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Thinking beyond BRIC

Columnist
— 1 minute read
Australian superannuation funds should consider an increased allocation to the two outstanding emerging markets in the region, John Pereira says.
How much of a superannuation fund portfolio do 2.5 billion people demand? This is the question that all superannuation trustees and their advisers should be addressing.

The question is particularly timely, as the world's two "billion-plus" populations, India and China, lead the world out of the global economic malaise.

I think it is time for Australian superannuation fund decision-makers to acknowledge that these countries are different and now deserve their own investment allocation, to forget the convenient BRIC (Brazil, Russia, India China) acronym and consider these markets on their own terms.

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Superannuation funds may wish to consider a direct allocation to India and China of approximately 5 to 8 per cent of their portfolios separate from other emerging markets funds. And those in doubt may wish to consider the following five reasons:

1. High domestic consumption: Weight of numbers is a key attraction to China and India - a combined population of more than 2.5 billion people, and growing, has translated into strong domestic consumption that provides some insulation from wider global events. The growth in middle-income consumers in these markets is happening now and will equate to hundreds of millions of people over the next two decades, according to the World Bank.

According to the McKinsey Global Institute, India has the highest domestic consumption in the Asia-Pacific region, accounting for 57 per cent of the region's gross domestic product (GDP). India has always been a standout based on domestic consumption - it drives the economy and has helped it through the global financial crisis (GFC). Culturally, India is incredibly aspirational and entrepreneurial, two characteristics that will serve it well.

China's domestic consumption also generates impressive numbers at 37 per cent of a much higher GDP, according to McKinsey. China is experiencing increased consumer demand, with retail sales rising approximately 14 to 15 per cent a year and domestic consumption expected to eventually be one of its key economic drivers.

2. High GDP growth: China and India are the two fastest-growing major economies in the world. GDP growth forecasts have been revised upwards following a stronger-than-expected recovery in both economies and a favourable result in India's recent elections.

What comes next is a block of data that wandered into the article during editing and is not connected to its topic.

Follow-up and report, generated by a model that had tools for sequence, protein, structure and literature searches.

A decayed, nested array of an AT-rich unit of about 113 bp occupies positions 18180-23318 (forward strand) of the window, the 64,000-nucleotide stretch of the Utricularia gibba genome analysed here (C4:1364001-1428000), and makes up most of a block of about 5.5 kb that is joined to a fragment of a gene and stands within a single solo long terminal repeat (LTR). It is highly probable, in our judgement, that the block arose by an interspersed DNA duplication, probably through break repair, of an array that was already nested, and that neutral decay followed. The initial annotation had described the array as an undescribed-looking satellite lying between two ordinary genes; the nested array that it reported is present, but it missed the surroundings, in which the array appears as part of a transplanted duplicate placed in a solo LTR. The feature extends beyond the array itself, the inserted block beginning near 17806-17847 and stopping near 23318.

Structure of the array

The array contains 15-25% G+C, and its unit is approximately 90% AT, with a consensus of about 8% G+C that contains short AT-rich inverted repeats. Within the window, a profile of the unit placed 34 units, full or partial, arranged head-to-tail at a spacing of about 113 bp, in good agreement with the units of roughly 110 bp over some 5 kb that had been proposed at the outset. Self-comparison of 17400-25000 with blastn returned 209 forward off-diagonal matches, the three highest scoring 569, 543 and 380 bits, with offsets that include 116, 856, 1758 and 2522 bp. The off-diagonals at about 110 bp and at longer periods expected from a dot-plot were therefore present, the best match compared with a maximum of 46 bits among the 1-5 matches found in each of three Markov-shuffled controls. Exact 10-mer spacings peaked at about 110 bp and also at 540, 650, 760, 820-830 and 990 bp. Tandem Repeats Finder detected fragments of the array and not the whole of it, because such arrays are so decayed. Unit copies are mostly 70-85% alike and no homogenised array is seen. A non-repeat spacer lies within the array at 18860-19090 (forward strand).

High growth rates have been a perennial feature of the last 10 years and are expected to continue. China is on track to overtake the United States as the world's largest economy some time in the 2020s. India is already the third-largest economy in Asia.

3. Low correlation to the US and developed economies: While major global financial events such as the GFC can affect all stockmarkets, China and India have shown a low correlation with the US and other developed markets during the recovery.

Investment returns from India and China have shown that these markets can perform strongly while much of the world struggles. Such diversification benefits will remain an attraction to these markets.

4. Access to some of the world's biggest companies: Without a direct exposure to China and India, investors may be missing the full benefits of investing in some of the world's biggest companies.

There are several companies located in China and India with higher revenues than Australia's BHP. Exposure to these Asian blue chips will be important for performance and diversification for Australian investors.

Indian powerhouses include Reliance Industries, Indian Oil and Tata Steel. China is home to Sinopec (ranked at number nine in the Fortune Global 500 list of the world's largest companies), China National Petroleum and China Mobile Communications.

5. Intra-Asian trade: India is now China's largest trading partner, according to the Indian government, and these two nations are the key players in intra-Asian trade.

Trade between these countries is going to be huge but investors won't necessarily have the full benefit from that trade if they invest in China and India via an emerging markets or Asian fund. This is a key reason why China and India deserve their own allocation.

China and India both have long, interesting histories, a diverse and sometimes chaotic mix of ethnicity, language and religion. Both are growing strongly in terms of population, regional and economic power. Both account for more than one-third of the planet's entire population.

How can we possibly group them with anyone else?

 

Thinking beyond BRIC
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